Microsoft Patch Tuesday Hangover: Broken Logins, Outlook, and Sharepoint Documents
A few botched updates from Microsoft this week have us questioning their forced update strategy with Windows 10. If you've had issues logging into your Windows 7 computer, if Outlook is crashing randomly, or if you are unable to open documents from Sharepoint, the fixes are below. The troublesome KB's in question are KB3055034, KB3101521, and KB3097877.
KB3055034 was actually released in October but most users probably haven't encountered any issues stemming from it because it seems to only break Office programs when files are opened from Sharepoint. We are covering it now because Microsoft has now released a superseding KB3101521 update which, well, still breaks Sharepoint documents. The exact crash occurs after entering Sharepoint credentials to open the document. While Microsoft does acknowledge this in the latter's KB article, they are not promising a fix until December's Patch Tuesday.
Fortunately, both KB3055034 and KB3101521 can be defeated by uninstalling and hiding them in Windows Update.
The pain of many a SysAdmin can be felt strongly here
KB3097877 has been causing significantly more headaches for many. Some users have been experiencing regular Outlook crashes, which is bad enough. Others have found themselves entirely unable to login to their Windows 7 machines after issuing the three-fingered salute (Ctrl+Alt+Del). These users are being bounced back to the Ctrl+Alt+Del prompt or worse just seeing a black screen.
KB3097877 has a couple steps to resolve the problems. Microsoft has reissued this update with a proper fix so if you have the latest updates you do not need to worry about this becoming a problem. If, however, you are stuck unable to login, Microsoft has provided the following suggestions. First, disconnect any digitizer devices, such as a Wacom tablet, from your computer and try to logon again. If successful, be sure to nab the latest update ASAP. Second, if that doesn't work you will need to attempt a System Restore. Instructions are included in the KB article above, if needed. Finally, if you do not have the ability to perform a System Restore, you will need to boot into System Recovery and uninstall the KB from the command line. Again, instructions can be found in the KB article above.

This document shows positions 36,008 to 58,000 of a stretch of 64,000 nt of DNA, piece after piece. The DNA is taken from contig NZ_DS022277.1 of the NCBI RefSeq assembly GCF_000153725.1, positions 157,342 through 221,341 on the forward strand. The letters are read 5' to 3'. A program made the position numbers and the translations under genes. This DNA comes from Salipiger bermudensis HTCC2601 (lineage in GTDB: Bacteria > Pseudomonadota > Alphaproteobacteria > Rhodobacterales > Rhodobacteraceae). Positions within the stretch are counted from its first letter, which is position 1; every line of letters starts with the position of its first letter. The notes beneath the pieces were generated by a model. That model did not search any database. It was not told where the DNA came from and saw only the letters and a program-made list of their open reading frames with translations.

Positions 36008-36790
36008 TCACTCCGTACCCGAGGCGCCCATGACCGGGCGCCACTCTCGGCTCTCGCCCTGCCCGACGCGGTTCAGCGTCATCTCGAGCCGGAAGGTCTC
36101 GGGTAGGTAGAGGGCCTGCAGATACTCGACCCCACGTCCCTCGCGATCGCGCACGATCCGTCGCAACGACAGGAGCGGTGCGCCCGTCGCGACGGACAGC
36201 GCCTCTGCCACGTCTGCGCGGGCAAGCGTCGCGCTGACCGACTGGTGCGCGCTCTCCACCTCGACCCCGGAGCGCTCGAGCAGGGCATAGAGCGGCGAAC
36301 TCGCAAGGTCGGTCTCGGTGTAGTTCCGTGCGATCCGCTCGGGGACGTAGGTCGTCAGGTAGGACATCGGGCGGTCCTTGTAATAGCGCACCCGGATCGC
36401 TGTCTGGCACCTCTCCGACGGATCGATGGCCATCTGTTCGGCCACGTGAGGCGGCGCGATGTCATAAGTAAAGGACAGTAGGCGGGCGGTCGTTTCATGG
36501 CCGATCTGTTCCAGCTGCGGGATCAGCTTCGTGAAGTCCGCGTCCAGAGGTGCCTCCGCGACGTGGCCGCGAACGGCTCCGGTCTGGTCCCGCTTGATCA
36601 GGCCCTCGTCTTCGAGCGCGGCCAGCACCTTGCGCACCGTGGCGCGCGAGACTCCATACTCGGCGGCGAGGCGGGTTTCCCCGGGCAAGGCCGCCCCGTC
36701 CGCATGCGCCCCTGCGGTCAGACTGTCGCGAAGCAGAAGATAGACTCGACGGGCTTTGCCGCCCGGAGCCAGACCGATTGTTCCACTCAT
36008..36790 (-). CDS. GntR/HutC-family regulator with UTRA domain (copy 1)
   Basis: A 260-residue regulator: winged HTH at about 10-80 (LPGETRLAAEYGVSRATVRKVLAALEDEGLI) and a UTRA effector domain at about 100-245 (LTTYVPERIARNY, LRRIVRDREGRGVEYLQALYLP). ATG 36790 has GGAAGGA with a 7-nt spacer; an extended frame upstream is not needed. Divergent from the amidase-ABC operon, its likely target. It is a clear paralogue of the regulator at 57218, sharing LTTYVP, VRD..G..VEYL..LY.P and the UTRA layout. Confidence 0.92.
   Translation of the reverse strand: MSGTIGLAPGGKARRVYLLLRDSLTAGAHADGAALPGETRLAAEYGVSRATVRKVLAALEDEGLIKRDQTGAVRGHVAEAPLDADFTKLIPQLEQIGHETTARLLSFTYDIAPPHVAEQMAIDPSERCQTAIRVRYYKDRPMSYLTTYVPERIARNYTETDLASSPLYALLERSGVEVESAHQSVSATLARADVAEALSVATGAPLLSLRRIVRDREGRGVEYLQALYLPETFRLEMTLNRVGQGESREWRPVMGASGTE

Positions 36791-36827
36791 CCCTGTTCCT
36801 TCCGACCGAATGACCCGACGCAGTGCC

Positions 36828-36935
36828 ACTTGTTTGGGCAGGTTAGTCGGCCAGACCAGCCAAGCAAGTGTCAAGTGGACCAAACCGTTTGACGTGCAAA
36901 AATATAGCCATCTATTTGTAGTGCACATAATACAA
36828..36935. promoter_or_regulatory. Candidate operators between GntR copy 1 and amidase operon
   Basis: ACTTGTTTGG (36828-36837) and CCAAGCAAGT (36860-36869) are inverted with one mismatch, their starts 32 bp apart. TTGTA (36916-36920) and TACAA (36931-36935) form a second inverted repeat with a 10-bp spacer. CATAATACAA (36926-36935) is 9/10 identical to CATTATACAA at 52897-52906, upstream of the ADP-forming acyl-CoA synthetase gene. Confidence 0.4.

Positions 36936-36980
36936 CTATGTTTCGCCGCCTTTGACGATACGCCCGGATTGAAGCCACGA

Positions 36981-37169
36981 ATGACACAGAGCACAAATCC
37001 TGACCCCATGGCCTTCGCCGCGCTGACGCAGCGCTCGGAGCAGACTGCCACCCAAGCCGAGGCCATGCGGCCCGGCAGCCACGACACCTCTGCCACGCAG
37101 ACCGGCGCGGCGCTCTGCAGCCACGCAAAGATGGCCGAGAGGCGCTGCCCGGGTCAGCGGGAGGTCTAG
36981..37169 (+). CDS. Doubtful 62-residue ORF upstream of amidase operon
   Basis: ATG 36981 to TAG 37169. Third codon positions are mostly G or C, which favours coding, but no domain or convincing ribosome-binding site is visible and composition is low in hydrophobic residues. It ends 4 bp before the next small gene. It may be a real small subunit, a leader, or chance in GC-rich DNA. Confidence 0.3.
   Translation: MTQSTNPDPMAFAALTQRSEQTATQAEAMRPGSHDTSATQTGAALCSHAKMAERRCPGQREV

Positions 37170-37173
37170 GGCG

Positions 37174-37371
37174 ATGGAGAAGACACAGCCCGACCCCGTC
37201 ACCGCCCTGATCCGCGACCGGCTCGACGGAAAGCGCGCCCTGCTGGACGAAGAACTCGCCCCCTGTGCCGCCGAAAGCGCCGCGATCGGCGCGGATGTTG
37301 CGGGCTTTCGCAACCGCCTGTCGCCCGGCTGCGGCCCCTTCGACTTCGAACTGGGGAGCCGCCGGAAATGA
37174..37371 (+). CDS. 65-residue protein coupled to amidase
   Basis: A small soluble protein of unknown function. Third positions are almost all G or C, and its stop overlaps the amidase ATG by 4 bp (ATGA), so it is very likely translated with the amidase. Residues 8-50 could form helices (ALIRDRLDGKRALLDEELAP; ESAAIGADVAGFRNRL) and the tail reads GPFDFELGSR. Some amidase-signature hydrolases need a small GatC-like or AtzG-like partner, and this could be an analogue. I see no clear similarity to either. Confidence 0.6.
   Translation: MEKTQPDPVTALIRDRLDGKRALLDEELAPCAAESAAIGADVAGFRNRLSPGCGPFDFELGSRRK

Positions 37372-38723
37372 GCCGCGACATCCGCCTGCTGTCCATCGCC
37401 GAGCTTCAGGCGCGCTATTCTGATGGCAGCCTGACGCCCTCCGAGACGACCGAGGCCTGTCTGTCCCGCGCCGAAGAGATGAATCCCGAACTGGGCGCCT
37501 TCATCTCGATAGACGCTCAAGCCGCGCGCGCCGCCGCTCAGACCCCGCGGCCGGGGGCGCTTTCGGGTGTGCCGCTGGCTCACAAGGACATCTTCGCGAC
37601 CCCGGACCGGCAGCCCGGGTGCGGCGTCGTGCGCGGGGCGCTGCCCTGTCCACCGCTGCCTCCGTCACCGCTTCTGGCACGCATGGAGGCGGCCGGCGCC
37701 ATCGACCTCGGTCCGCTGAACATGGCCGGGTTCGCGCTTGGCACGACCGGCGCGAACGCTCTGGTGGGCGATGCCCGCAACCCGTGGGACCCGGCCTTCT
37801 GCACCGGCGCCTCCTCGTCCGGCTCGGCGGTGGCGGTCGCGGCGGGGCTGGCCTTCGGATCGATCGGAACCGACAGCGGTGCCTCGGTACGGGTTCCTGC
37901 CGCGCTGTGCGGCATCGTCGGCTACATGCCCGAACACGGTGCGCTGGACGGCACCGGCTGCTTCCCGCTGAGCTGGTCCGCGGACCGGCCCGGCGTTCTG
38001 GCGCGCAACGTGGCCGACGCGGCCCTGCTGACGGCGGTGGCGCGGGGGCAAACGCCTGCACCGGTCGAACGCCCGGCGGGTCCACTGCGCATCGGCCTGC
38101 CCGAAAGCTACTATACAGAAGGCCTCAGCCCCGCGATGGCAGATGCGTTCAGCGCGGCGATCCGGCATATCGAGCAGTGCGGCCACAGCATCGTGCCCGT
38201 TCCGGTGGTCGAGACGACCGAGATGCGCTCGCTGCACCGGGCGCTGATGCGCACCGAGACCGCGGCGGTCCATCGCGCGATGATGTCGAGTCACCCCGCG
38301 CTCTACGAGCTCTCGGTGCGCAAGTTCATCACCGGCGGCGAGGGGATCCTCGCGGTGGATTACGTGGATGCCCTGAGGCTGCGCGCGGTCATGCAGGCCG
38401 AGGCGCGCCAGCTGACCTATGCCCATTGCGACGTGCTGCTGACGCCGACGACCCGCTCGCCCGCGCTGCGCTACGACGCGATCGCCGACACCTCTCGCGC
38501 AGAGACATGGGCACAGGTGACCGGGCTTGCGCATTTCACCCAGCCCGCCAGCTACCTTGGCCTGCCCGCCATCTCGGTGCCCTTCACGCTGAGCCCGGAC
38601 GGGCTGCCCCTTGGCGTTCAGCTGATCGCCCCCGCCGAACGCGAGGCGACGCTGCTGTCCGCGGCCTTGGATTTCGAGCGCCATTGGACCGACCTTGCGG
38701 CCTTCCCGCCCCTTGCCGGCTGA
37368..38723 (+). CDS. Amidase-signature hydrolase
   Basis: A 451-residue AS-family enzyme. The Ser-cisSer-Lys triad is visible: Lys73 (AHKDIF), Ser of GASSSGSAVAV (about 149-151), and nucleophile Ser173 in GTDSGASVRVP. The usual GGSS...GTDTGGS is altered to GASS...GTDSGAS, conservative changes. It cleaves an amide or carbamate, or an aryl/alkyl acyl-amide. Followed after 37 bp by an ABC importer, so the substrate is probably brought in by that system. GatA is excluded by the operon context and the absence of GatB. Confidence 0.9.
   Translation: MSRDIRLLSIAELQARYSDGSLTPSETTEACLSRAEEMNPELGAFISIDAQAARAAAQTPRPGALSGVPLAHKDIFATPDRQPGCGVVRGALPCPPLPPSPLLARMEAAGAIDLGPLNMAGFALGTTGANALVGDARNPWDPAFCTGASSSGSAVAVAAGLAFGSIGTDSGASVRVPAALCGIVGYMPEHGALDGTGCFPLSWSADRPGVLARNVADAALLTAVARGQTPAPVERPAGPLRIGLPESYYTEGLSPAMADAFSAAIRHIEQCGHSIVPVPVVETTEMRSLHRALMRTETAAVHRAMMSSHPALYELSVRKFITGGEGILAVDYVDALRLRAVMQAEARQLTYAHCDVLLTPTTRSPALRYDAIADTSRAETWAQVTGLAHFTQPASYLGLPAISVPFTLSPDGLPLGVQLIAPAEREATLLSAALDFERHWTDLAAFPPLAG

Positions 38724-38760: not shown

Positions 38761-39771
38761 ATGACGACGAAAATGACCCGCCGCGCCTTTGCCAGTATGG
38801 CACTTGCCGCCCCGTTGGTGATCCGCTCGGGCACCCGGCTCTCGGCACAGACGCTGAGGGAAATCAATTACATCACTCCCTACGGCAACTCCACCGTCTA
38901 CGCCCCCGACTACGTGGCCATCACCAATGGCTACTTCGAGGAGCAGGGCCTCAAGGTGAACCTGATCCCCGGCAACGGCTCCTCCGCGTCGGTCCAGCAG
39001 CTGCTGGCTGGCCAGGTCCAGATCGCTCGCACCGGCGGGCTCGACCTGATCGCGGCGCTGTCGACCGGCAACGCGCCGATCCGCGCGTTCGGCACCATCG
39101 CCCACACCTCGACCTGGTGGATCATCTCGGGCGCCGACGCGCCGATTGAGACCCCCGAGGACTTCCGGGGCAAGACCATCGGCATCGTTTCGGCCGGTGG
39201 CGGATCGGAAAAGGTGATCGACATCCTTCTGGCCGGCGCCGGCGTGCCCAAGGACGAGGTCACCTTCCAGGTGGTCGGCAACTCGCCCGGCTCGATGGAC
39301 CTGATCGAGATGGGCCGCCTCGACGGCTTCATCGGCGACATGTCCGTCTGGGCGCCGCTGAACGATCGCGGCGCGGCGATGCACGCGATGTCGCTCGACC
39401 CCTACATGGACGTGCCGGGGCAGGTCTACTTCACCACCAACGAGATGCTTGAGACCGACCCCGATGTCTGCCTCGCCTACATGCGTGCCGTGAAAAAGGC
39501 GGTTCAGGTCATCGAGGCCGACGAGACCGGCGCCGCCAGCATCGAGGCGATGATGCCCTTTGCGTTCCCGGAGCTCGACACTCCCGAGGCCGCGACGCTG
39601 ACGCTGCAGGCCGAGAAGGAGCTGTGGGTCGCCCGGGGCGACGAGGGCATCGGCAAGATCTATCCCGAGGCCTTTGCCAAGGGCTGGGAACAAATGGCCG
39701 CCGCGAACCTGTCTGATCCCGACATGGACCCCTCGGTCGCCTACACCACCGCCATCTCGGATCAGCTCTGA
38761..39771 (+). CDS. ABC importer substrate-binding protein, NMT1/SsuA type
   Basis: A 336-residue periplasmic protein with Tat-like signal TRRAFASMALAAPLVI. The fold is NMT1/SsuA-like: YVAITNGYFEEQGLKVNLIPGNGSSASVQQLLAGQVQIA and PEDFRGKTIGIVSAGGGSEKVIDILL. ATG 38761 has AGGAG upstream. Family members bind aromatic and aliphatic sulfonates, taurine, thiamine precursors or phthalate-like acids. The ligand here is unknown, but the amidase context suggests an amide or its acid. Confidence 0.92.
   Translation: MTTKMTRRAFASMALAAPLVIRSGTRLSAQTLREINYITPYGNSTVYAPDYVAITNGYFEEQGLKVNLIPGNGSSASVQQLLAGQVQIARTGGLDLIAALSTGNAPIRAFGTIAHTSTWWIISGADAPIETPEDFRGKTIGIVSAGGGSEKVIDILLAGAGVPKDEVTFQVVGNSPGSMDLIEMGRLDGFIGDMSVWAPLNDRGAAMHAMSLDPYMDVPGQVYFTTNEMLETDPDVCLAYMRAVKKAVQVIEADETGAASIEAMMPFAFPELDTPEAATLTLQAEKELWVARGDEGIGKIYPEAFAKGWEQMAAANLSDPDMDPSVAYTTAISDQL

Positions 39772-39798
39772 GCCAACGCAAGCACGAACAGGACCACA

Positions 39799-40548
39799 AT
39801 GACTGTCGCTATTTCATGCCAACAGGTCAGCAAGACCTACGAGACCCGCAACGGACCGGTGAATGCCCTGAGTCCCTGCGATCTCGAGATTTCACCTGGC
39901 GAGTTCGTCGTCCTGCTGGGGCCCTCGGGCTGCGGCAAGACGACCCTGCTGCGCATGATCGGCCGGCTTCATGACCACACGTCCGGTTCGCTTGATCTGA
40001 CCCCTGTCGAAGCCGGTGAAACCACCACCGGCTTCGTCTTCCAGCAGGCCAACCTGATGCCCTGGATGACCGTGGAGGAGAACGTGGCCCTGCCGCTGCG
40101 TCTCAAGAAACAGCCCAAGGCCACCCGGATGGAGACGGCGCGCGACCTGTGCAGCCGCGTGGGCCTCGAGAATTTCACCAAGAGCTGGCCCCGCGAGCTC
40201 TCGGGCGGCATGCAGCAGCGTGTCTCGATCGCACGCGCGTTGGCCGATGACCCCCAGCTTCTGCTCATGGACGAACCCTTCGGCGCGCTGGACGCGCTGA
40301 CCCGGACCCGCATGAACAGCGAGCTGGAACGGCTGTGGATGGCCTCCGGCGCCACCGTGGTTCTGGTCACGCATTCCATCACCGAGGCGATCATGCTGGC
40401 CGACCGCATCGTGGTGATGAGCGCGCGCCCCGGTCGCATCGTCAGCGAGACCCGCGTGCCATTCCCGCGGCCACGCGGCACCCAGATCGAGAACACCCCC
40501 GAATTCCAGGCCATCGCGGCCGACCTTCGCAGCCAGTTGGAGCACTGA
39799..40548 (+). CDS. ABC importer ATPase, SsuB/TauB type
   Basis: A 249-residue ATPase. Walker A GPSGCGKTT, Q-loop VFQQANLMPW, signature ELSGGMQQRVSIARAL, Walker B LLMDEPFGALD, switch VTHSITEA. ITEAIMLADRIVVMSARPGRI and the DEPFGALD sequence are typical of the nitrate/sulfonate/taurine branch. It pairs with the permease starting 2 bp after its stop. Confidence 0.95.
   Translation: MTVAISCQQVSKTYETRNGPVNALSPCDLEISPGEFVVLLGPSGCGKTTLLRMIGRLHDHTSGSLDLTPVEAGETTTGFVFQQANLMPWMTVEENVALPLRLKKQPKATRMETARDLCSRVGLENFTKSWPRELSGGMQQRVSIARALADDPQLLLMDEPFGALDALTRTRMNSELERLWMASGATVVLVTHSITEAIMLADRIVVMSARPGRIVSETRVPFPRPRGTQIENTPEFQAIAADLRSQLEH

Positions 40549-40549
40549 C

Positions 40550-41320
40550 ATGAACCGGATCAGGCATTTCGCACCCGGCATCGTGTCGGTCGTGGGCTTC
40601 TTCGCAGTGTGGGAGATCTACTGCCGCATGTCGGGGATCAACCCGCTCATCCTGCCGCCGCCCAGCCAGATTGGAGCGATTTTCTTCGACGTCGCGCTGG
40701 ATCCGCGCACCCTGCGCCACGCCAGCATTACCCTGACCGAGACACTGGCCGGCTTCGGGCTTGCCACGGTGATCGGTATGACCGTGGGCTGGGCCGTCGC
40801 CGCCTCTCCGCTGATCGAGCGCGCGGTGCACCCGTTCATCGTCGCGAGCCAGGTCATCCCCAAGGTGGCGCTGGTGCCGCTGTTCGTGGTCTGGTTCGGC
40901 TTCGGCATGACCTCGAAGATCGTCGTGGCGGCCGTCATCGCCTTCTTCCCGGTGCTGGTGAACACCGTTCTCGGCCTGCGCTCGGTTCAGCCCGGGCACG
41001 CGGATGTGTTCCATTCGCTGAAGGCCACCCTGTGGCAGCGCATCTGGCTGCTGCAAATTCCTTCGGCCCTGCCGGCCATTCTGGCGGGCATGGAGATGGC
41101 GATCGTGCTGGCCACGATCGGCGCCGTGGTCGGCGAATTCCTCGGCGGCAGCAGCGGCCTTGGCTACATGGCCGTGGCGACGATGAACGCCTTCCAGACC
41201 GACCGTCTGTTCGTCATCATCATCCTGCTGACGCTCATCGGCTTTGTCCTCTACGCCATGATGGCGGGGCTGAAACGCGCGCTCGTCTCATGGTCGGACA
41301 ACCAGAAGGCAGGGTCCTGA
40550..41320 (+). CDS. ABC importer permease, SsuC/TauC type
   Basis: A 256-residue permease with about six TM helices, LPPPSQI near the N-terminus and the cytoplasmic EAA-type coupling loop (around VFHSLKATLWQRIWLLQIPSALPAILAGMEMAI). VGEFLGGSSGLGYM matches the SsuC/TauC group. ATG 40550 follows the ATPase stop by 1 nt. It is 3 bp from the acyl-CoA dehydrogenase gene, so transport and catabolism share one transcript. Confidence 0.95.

"Looks like fun!" - Microsoft, probably
So what's the takeaway on this?
Microsoft is making great strides to improve the testing of updates through staged roll-outs, which is good. However, it isn't good enough yet for Microsoft to be forcing these updates on consumers. Windows 10 users do not have the luxury of being able to rollback updates without dedicated Windows Server Update Services (WSUS) or the new Windows Update for Business management. If something like KB3097877 bricked Windows 10 computers instead of Windows 7, the users would have little recourse to correct the problem on their own.
Even now, if an unmanaged Windows 10 user needs to access Sharepoint documents, they have no hope until December. To be clear though, it is good to automate updates as it fosters a more secure Web for everyone. We aren't criticizing Microsoft for that. The issue here is in not allowing those automated updates to be rolled back or blocked in the first place when they inevitably do cause problems. Hopefully Microsoft will find a way to relinquish some of this control before they tick off too many users.